In recent years, there has been a growing demand for brands to take accountability and champion social causes. Whether you’re looking to adopt new initiatives or create your own program, you should consider following these three corporate social responsibility trends in 2020. This will not only help your brand stay relevant, but it will also help improve your organization’s bottom line.
What is corporate social responsibility?
Corporate social responsibility (CSR) refers to any corporate effort to improve a brand’s environmental or social impact. While CSR programs look different for every company, they all share a common goal of enacting positive change while building trust with consumers.
Why is corporate social responsibility important?
When consumers shop at a socially conscious company, they feel like they are doing their part to promote change. A strong corporate social responsibility strategy can help convert one-time customers into lifetime supporters, making it an essential part of any business’s strategy. It can also:
- Increase brand awareness
- Attract new customers
- Develop stronger relationships with existing customers
- Generate positive publicity
- Boost sales
More and more brands are adopting new CSR initiatives to attract and retain Gen Z supporters, which is on track to become the biggest consumer population. They care about a variety of causes and prefer to support organizations promoting social change. At the end of the day, implementing a CSR program is an easy way for companies to improve their bottom line by doing good.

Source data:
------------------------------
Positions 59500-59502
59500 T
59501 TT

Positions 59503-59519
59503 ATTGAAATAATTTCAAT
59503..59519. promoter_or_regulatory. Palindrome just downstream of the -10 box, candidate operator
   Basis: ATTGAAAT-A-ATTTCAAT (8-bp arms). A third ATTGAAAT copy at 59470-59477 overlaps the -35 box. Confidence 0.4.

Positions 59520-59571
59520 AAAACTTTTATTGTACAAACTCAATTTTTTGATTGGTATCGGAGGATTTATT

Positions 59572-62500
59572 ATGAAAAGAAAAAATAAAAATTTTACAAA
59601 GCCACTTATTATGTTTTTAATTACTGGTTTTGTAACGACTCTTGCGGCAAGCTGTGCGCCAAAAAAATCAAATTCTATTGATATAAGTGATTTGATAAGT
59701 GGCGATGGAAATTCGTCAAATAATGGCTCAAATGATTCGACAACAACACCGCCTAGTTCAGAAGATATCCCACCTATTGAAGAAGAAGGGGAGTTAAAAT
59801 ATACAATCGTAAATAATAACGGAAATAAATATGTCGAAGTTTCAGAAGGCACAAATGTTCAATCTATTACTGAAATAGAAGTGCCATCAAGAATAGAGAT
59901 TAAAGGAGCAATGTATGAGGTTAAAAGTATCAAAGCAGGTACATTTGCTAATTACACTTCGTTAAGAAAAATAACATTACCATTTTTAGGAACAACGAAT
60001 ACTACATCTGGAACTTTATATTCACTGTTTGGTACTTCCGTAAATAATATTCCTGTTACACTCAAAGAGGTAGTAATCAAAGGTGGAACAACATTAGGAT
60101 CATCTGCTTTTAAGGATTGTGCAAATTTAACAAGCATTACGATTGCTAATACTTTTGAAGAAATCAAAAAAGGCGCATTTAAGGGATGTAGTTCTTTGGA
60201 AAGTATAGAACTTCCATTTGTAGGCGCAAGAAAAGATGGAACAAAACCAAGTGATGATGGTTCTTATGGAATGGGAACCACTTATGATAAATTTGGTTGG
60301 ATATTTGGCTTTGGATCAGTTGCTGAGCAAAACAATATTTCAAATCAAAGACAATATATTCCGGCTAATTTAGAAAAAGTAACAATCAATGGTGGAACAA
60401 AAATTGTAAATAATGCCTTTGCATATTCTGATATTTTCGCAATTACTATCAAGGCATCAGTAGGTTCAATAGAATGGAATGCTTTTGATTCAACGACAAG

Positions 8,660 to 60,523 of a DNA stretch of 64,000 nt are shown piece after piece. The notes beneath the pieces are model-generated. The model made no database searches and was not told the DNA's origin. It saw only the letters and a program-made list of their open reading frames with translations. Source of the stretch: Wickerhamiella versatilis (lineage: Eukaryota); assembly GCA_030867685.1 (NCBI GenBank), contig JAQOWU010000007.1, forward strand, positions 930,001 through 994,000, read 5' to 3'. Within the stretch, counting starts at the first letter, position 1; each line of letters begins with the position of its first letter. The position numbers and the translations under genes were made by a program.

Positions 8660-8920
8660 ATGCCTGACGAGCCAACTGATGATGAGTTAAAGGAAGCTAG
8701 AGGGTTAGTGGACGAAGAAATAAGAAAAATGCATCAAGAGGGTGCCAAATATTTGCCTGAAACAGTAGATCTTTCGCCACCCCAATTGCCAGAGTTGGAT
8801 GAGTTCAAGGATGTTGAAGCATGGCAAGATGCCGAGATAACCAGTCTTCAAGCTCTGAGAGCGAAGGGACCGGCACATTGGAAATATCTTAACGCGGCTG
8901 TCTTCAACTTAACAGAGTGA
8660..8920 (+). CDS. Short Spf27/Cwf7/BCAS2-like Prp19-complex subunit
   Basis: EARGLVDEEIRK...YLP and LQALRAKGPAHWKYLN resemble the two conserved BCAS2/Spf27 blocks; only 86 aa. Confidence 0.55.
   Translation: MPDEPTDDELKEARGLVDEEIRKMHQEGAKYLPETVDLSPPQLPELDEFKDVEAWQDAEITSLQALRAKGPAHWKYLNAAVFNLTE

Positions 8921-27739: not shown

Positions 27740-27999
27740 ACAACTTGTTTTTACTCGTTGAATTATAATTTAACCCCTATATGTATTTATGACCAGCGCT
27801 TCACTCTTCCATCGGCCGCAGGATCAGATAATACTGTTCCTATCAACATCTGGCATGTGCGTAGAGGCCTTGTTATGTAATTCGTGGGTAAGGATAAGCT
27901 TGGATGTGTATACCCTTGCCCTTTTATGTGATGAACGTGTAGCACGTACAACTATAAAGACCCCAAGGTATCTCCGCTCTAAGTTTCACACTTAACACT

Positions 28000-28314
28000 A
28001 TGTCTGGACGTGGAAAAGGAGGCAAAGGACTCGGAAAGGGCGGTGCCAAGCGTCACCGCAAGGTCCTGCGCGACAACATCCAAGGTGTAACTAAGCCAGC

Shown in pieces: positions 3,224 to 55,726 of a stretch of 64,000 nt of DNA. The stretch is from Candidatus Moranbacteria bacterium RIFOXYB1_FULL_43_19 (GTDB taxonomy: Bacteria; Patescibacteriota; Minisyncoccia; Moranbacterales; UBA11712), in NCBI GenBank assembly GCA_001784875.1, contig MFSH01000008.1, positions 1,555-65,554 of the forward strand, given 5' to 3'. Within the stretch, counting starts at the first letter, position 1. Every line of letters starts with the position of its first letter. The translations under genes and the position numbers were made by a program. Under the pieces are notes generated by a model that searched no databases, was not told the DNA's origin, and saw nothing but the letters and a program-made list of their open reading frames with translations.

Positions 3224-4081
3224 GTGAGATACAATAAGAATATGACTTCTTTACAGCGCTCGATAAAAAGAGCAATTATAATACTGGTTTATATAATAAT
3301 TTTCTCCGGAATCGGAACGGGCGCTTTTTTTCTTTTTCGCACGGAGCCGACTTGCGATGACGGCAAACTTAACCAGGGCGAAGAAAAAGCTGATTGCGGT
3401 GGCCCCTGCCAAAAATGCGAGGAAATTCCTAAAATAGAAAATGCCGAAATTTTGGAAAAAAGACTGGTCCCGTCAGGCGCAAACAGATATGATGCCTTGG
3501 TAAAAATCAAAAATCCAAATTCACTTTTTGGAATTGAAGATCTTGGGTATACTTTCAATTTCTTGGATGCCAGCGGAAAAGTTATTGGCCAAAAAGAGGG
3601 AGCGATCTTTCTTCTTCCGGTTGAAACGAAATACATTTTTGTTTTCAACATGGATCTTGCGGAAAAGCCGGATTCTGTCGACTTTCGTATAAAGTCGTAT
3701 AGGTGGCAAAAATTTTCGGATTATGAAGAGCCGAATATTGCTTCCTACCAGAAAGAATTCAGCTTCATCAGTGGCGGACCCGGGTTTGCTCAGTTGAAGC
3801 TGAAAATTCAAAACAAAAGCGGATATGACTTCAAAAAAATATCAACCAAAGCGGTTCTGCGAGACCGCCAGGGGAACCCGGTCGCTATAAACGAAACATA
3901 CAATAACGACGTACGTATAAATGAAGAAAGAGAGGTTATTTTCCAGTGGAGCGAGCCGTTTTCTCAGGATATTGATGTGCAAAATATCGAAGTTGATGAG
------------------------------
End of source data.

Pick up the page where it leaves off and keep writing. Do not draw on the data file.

Top three trends in corporate social responsibility
If your brand is looking to launch a CSR program but can’t decide on which cause to support, look no further. To make sure your initiatives are relevant and timely, we identified the top three CSR trends to follow in 2020.
1. Carbon neutrality
For centuries, corporations have contributed to rising carbon emissions with little to no oversight. As the effects of climate change become more apparent, consumers are asking brands to hold themselves accountable and work towards carbon neutrality.
To achieve this, companies must find ways to balance their environmental impact. Look for ways to offset your brand’s carbon footprint, whether it’s sourcing sustainable materials or donating to environmental organizations or investing in green technology.
Climate change transcends borders and affects us all. Therefore, it should be our collective responsibility to fight the effects of climate change and protect our planet. Plugging into this trend will help your company attract environmentally conscious shoppers, and reduce your costs.
2. Diversity and inclusion
We would like to preface this by saying that diversity and inclusion should not be a trend, rather the norm. As a society, we have a long way to go before achieving equity across all institutions–corporations included.
As injustice dominates the national conversation, there has been increasing pressure on corporations to hire and promote diverse candidates within their companies. This ensures that employees of all backgrounds are represented by people in positions of power. When identifying areas for improvement, here are some questions to ask:
- How can your company be more intentional when it comes to recruiting people from different backgrounds?